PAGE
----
MISSOULA – Four public health master’s students at the University of Montana are working on projects that tackle some of the largest health issues facing the state and region.

The students in UM's Masters in Public Health with Community Health and Prevention Sciences Concentration recently earned the national Student Leader’s in Public Health Award from the Rocky Mountain Public Health Training Center in the Colorado School of Public Health. The award provides $3,500 to each project.

In past years, UM’s public health school saw one to two students receive the national award. Having four earn the award this year is unprecedented and a testament to the caliber of the students, said Rachel Peterson, an assistant professor in UM’s School of Public and Community Health Sciences.

The students have immersed themselves in projects that affect all corners of Montana. Their projects look at a connection between health and access to food in Indigenous communities, how to mitigate mosquitoes in Fort Benton, an analysis of public health worker salaries and the effect of wildfire smoke on residents in western Montana.

The students’ projects also are a requirement for them to graduate and necessary to maintain the public health school’s accreditation. “We currently offer the only accredited public health degrees in Montana and provide one of the few accredited public health programs in the region,” Peterson said.

The UM students and their project topics follow:

Sarah Black, who graduated with her master’s degree in December and continues to work as a research assistant at UM with Dr. Blakely Brown, is examining the relationship between various health factors and access to food among Indigenous populations.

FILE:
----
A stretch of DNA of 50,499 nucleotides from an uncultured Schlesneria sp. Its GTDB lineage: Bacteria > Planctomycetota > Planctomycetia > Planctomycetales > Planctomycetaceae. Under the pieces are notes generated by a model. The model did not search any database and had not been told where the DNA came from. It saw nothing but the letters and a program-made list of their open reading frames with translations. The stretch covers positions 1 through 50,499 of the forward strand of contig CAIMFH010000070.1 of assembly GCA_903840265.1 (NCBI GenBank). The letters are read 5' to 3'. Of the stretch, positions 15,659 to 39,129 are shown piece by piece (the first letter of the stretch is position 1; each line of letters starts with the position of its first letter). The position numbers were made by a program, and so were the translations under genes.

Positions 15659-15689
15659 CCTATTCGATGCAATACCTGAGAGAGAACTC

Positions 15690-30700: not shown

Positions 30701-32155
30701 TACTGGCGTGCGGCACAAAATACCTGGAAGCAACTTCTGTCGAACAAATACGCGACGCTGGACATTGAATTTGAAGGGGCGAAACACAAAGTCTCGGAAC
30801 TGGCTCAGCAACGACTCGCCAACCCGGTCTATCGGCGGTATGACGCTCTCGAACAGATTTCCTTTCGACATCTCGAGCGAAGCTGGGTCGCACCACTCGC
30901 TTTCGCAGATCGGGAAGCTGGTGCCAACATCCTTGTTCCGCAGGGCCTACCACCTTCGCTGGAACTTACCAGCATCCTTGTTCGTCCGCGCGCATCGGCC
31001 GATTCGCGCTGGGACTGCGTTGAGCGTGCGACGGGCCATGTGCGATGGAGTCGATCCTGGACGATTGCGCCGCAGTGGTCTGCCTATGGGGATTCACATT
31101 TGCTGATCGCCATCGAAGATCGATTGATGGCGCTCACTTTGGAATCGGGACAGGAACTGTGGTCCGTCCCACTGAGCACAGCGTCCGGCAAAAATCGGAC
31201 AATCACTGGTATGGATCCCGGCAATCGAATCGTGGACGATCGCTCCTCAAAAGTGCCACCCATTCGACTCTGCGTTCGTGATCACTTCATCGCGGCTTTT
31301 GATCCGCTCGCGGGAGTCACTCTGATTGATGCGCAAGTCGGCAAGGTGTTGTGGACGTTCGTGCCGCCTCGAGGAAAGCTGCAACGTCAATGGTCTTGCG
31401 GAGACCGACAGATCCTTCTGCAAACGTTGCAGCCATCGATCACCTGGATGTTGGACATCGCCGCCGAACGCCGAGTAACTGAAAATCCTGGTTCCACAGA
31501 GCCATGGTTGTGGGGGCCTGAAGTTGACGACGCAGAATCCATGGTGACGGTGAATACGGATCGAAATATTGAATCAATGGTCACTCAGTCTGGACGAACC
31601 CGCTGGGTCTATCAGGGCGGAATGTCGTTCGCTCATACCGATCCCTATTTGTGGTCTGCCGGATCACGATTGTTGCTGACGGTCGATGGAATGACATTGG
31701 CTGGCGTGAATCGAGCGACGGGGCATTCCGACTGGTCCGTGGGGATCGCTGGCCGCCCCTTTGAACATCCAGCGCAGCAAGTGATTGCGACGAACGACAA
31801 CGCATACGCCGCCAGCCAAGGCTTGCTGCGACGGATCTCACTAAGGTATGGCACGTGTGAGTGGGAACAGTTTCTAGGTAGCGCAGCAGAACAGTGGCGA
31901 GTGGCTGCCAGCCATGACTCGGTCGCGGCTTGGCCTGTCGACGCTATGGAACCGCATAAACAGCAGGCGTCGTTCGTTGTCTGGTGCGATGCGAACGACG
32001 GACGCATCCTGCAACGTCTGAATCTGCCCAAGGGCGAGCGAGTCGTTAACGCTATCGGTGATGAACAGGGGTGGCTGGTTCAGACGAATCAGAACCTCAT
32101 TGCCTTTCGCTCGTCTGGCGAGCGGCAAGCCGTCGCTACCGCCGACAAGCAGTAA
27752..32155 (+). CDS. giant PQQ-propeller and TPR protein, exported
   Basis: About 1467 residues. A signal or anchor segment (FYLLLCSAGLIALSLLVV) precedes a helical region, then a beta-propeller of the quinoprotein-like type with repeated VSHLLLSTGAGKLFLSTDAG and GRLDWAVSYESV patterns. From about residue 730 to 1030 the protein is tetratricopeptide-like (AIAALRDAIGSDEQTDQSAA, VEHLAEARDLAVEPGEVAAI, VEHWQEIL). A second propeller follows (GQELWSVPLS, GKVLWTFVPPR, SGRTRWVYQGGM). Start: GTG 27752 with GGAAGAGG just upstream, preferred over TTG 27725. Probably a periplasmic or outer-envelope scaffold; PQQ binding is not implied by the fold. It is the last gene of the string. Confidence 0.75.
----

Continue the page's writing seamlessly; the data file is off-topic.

Black, who grew up in Helena and now works as a nurse at the Missoula City County Health Department, began her project in January 2022. Her research is part of a larger study focused on families and access to nutrition support programs. The larger study originates from a partnership between All Nations Health Center in Missoula and Urban Indian Health Centers in Great Falls and Billings.

“This is almost a silly question: Does food security affect your health status?” Black said. “Yes, it does. Let’s make sure everyone is fed and healthy. But part of the work is to answer those questions and dig more specifically.”

To dig deeper, Black analyzed responses from interviews and a 12-question survey about general health and food security. The survey was sent to people who were recruited by the three Urban Indian Health Centers.

Traditionally when Native communities are studied, the study focuses on reservations and not Native Americans living outside reservations, Black said, and she believes it’s a strength to include urban Native Americans.

Black is still working through the data, but plans to compare the results to other studies and send the findings back to the Urban Indian Health Centers.

“We want it to be something that is useful and helpful for them,” Black said.

Ali Manuel, a second-year master’s student from Shingle Springs, California, is working with residents in Fort Benton to build habitats and community support to control the mosquito population, which is a major nuisance in central Montana.

The Fort Benton community currently uses insecticides to remove the mosquitos. Insecticides are safe for humans but can have a negative impact on the ecosystem, Manuel said. To reduce the use of insecticides, she found another way to decrease the mosquito population: bats.

Manuel, who has a bachelor’s degree in biology with a concentration in zoology from San Francisco State University, plans to teach Fort Benton residents about bats and encourage them to increase bat habitat since the flying mammals are known to feast on mosquitos. Manuel is familiar with bats from working as an animal research technician at the University of California, Berkley.

“I have some experience working with bats from my time at UC Berkley,” she said. “They are an important part of getting rid of insects and an important part of the ecosystem.”

Later this year, Manuel will host an event to build bat boxes with local families and educate them about other ways to reduce mosquitoes such as removing standing water and cleaning out rain gutters.